The buyer demographic is different, too. Downtown buyers are more likely to be from the US; only 15 percent of buyers are from overseas, says Miller, against 50 percent in Midtown. Because they are typically from the financial and tech industries, they want to live close to work, rather than looking for a second home or an investment, says Katzen of Douglas Elliman. “It’s such a different audience,” she says.
A city gets hot to yachting
As developers push Manhattan’s skyscrapers ever further into the clouds, at sea level there is a swelling yachting community, writes Melissa Lawford.
“We’re all New Yorkers, so it’s different to a [typical] resort community,” says Michael Fortenbaugh, who founded Manhattan Yacht Club in 1987. The club has a younger demographic than most, with many members in their 30s and 40s sailing and socializing after work. “It’s a city that never sleeps and our club reflects that,” he says.
For a time, few people sailed in the harbor. Starting the MYC was “entirely revolutionary”, says Fortenbaugh, who helped to engineer the recovery of the club’s former home, North Cove Marina near the World Trade Center, after it was almost completely destroyed on 9/11.
Since the MYC’s lease ended in 2014, North Cove has been managed by Island Global Yachting Marinas in association with Brookfield Property Partners, which owns the nearby waterfront plaza. Today, most of North Cove’s berths are occupied by international clients that are passing through, says Eric Sweetser, the dock manager, but about 30 percent are in local hands.
The marina will see a great deal of action this weekend when it hosts an America’s Cup race, the first one in New York for almost a century. Six yachts will race down the Hudson for a chance to compete for the oldest trophy in international sport.
The cup is named after a yacht called America, which won a race around the Isle of Wight in 1851 representing the New York Yacht Club. The club no longer has marina facilities in the city, but members maintain a social scene from its landlocked clubhouse on 44th Street. The building was donated to the club by former club commodore JP Morgan, the financier, and its members have included former president Franklin D Roosevelt and former New York City mayor Michael Bloomberg.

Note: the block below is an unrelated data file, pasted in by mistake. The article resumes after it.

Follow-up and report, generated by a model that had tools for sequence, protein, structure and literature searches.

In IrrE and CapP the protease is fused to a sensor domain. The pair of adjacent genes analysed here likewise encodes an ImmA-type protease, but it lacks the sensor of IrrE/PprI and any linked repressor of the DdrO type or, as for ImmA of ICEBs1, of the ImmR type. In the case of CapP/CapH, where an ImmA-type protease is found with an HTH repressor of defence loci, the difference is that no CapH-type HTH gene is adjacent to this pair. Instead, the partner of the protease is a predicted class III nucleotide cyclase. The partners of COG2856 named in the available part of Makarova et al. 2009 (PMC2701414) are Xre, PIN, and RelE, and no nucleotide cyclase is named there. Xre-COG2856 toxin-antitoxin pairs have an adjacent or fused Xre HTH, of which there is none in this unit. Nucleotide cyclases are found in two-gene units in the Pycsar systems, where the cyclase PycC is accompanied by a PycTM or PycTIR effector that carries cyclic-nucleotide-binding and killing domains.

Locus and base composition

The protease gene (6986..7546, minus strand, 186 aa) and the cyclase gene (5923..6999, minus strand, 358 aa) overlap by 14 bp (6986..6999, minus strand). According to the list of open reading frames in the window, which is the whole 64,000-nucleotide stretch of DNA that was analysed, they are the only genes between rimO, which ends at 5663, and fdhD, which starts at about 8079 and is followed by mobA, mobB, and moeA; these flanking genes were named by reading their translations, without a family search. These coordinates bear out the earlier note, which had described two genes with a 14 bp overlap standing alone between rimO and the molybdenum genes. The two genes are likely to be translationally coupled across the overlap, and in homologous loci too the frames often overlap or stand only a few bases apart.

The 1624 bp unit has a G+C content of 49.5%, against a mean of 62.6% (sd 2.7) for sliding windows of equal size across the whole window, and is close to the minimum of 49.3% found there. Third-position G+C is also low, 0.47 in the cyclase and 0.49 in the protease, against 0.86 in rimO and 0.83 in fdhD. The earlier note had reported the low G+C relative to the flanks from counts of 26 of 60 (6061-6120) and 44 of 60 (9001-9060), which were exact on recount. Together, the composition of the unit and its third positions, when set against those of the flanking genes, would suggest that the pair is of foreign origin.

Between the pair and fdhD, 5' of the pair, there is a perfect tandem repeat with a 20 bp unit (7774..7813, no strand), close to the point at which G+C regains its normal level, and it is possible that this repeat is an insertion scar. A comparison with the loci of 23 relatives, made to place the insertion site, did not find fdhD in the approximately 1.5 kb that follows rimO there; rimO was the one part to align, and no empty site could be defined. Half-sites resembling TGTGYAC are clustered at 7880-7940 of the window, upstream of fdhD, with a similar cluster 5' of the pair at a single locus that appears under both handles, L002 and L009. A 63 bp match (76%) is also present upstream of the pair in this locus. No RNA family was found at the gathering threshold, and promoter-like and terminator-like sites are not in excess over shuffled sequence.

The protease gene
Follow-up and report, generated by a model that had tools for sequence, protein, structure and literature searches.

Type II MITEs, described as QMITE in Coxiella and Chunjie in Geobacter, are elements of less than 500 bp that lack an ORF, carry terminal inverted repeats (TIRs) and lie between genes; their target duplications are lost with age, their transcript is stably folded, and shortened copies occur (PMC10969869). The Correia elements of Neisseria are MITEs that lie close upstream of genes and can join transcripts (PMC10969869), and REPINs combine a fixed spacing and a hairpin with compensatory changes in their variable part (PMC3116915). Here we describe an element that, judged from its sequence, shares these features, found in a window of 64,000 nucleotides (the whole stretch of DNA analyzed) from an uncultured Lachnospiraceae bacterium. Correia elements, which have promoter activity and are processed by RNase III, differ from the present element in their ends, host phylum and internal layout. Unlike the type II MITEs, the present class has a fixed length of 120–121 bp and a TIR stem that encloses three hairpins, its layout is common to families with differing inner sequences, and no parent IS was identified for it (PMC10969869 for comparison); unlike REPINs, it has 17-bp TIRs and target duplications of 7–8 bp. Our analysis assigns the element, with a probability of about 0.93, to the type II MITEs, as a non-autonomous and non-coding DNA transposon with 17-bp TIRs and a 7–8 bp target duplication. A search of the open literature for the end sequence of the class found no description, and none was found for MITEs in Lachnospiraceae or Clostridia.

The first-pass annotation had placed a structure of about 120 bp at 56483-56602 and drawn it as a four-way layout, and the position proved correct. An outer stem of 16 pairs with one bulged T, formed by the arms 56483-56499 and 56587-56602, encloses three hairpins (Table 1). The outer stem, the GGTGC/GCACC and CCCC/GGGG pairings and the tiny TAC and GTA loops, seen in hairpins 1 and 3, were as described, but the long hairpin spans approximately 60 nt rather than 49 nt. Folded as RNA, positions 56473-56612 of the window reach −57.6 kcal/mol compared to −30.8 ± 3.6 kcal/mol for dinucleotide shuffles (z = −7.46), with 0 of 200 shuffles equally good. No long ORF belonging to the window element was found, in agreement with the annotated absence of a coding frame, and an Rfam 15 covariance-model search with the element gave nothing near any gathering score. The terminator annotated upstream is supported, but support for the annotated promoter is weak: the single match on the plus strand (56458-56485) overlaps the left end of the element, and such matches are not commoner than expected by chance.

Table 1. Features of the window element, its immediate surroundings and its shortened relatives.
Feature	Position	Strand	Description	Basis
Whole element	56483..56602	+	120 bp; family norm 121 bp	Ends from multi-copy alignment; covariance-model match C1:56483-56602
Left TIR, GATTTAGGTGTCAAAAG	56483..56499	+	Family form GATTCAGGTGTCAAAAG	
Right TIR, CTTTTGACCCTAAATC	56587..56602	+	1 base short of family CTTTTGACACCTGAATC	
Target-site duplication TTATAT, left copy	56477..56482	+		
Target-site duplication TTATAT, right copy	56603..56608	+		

• Many older Manhattan buildings are co-ops, where prospective buyers must apply to current owners for permission to buy an apartment
• Building maintenance fees and common charges for condos in Manhattan are among the highest in the US. For example, the monthly charges for an $11 million two-bedroom midtown condo are listed at $5,600 a month.
• Agent commissions typically amount to 5%-6% of the purchase price, split between the buyer’s agent and the seller’s agent. But the fees are often negotiated, especially for high-end homes
What you can buy for …
$1m A one-bedroom apartment.
$20m A full-floor, 9,610-sq-ft apartment in Battery Park.
$50m A 10-bedroom, 12,500 sqft midtown apartment with unobstructed city and river views.
All credit goes to Financial Times and Kevin Brass.